Packaging Innovation
e-commerce packaging
March 5, 2014

E-commerce packaging: one size doesn’t fit all

With the rise in popularity of web shops and low-cost click and collect services the e-commerce packaging industry is faced with a couple of challenges – optimizing retail packages for home delivery to name one. Reducing the cost and avoiding unnecessary packaging is the ultimate goal in a market with complex supply chains and unique design concepts.

Traditional packaging VS e-commerce packaging

Traditional retail packaging has to fulfil a lot of roles: its most important quality is to protect, next to carrying information, marketing the product, enabling handling, storage and use of goods. For e-commerce, however, not all these functions are required, while others –which are not relevant for retail packaging – have to be added to the list.

In ‘Packaging and the Internet – A guide to packaging goods for multi-channel delivery systems’ the Industry Council for Packaging and the Environment in the UK makes a couple of suggestions to take into account when packaging for an e-market:

The complexity and variability of orders. Orders can be for single or a number of items and the goods may be delivered from more than one depot.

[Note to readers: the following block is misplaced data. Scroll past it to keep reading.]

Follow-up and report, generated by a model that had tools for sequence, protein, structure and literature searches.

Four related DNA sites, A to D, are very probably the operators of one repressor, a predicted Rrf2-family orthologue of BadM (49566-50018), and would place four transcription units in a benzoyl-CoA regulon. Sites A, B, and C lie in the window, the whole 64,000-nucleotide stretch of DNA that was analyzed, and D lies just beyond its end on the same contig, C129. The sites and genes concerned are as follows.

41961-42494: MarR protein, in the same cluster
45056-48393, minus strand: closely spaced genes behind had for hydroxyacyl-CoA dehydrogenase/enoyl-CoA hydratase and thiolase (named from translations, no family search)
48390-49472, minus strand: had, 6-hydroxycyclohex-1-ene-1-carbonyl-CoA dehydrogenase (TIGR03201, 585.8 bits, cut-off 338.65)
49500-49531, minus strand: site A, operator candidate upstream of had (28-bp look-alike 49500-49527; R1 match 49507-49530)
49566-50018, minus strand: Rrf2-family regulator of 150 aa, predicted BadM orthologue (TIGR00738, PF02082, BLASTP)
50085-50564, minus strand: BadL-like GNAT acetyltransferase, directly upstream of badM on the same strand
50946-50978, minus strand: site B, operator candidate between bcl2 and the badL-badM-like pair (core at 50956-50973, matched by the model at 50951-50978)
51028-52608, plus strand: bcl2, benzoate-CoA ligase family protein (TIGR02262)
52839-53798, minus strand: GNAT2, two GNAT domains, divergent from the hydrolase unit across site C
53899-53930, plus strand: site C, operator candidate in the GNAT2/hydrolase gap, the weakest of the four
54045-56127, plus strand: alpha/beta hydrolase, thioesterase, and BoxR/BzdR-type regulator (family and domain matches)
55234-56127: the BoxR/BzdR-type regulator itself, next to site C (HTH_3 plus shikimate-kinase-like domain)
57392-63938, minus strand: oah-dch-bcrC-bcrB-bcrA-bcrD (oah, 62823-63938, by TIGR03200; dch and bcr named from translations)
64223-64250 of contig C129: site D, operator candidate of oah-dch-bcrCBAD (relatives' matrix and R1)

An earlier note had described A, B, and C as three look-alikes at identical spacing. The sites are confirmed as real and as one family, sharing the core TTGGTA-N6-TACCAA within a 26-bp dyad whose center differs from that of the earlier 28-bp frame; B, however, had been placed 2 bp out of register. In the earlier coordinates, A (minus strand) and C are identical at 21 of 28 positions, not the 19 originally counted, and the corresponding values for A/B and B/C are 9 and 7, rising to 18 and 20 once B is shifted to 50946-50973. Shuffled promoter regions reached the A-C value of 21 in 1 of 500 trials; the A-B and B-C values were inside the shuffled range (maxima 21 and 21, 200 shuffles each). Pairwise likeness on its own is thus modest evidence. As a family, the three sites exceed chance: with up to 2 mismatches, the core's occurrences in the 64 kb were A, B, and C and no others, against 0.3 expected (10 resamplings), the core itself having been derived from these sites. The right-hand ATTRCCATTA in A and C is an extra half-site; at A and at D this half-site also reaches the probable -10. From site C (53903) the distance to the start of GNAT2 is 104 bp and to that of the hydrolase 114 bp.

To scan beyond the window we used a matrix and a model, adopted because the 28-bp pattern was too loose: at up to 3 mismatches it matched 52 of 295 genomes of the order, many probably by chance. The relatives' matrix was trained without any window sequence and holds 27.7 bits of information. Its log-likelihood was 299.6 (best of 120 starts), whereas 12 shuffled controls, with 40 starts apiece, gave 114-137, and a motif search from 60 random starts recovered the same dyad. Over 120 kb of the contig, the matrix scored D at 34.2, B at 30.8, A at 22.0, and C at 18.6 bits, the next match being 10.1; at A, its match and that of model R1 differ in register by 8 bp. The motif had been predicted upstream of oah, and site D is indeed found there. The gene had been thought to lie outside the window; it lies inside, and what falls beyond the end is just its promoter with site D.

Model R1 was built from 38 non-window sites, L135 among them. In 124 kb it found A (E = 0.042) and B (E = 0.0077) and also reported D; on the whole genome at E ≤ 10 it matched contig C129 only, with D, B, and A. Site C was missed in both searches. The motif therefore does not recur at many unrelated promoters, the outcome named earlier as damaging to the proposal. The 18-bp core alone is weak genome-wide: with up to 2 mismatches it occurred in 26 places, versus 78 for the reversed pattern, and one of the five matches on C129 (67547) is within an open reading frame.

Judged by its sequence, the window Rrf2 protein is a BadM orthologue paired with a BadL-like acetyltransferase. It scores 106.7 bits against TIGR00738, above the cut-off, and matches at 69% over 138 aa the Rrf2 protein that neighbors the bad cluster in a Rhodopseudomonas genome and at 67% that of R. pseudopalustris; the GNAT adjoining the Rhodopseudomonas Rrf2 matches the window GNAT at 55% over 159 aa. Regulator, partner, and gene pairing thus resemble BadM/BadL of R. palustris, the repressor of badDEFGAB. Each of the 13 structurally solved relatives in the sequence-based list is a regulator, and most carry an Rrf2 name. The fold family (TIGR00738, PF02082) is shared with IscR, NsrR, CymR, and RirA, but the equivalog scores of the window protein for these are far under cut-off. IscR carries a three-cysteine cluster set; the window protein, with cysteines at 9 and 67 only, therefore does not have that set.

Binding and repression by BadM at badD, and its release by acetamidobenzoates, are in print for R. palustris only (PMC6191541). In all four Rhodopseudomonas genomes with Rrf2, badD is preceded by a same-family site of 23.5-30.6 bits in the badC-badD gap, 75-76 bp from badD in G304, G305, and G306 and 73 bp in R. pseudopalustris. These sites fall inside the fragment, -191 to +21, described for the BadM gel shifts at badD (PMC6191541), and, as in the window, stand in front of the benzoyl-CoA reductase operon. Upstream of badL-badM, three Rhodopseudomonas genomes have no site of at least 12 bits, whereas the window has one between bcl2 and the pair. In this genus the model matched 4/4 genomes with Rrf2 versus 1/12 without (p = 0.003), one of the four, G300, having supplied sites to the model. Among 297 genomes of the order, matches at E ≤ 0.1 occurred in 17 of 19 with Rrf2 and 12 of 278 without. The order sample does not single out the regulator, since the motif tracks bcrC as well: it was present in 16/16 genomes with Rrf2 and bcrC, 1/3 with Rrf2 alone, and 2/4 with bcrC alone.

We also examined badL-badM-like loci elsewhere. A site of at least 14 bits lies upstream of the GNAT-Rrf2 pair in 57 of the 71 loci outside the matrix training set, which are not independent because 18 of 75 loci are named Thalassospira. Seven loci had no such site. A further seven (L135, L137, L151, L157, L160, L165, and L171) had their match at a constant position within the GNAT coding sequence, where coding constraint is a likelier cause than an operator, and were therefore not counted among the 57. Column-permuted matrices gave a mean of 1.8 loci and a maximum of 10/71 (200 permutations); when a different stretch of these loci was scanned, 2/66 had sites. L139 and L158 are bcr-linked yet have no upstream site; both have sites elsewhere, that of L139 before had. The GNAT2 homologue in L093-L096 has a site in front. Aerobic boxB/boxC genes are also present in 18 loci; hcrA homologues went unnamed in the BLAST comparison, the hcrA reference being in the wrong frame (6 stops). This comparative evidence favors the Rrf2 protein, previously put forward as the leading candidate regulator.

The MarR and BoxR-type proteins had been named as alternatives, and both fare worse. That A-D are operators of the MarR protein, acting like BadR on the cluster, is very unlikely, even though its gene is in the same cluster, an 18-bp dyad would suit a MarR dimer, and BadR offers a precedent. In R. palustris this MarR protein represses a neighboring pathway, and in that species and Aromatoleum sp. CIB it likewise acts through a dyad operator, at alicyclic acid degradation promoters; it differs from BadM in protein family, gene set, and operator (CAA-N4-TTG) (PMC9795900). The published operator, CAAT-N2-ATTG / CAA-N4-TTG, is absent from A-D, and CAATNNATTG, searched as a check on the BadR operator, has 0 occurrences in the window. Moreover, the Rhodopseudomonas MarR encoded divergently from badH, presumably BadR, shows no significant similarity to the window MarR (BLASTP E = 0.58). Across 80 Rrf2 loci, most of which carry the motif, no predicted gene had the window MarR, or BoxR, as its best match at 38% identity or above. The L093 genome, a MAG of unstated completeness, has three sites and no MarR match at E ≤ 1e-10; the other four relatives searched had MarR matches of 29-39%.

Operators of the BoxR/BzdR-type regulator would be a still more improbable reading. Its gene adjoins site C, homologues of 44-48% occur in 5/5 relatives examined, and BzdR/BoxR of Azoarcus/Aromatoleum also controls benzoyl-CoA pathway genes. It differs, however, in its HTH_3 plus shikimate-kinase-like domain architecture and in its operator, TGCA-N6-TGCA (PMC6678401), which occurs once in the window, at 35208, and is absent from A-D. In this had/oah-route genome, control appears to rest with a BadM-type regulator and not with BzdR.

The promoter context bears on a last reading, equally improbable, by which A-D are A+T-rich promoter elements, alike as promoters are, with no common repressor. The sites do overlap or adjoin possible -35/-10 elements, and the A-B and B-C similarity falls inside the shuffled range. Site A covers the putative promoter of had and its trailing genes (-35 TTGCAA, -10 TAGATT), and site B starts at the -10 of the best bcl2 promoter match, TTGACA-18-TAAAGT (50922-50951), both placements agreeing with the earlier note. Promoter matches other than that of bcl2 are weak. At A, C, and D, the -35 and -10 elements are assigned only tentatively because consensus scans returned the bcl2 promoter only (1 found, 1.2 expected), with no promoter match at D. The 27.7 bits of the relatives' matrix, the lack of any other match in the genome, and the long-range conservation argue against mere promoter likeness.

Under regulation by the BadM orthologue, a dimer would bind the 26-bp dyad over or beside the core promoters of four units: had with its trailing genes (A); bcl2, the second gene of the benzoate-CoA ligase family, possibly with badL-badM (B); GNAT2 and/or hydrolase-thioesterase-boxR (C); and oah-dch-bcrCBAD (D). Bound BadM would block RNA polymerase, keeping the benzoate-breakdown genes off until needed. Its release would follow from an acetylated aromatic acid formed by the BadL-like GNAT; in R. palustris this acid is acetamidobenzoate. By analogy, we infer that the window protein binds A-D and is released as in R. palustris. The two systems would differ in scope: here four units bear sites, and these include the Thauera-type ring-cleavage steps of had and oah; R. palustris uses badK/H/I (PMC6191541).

• The need to include supporting paperwork.
  • Putting in place a systematic approach to new pack selection.
  • Assessing the packaging as part of the product and its supply chain, not in isolation.
  • The trade-off between having many different outer pack sizes or just a few.
  • The training and management of the packing staff.
  • Putting in place simple indicators and management controls.

As e-commerce grows it’s suggested to use simpler and smaller retail packs, perhaps leaving them unprinted. The need to enclose a receipt or other documentation may provide an opportunity to enclose marketing materials.

The outer pack: the real challenge of e-commerce packaging

The biggest problem for e-commerce goods, however, is the need of an outer pack to protect them during transportation and handling. The choice of pack depends on the number of items that need to be transported, along with size and weight. Ideally, the pack would be specifically designed for each order, yet, in practice that’s impossible. So packaging designers need to come up with innovative solutions to tackle these problems.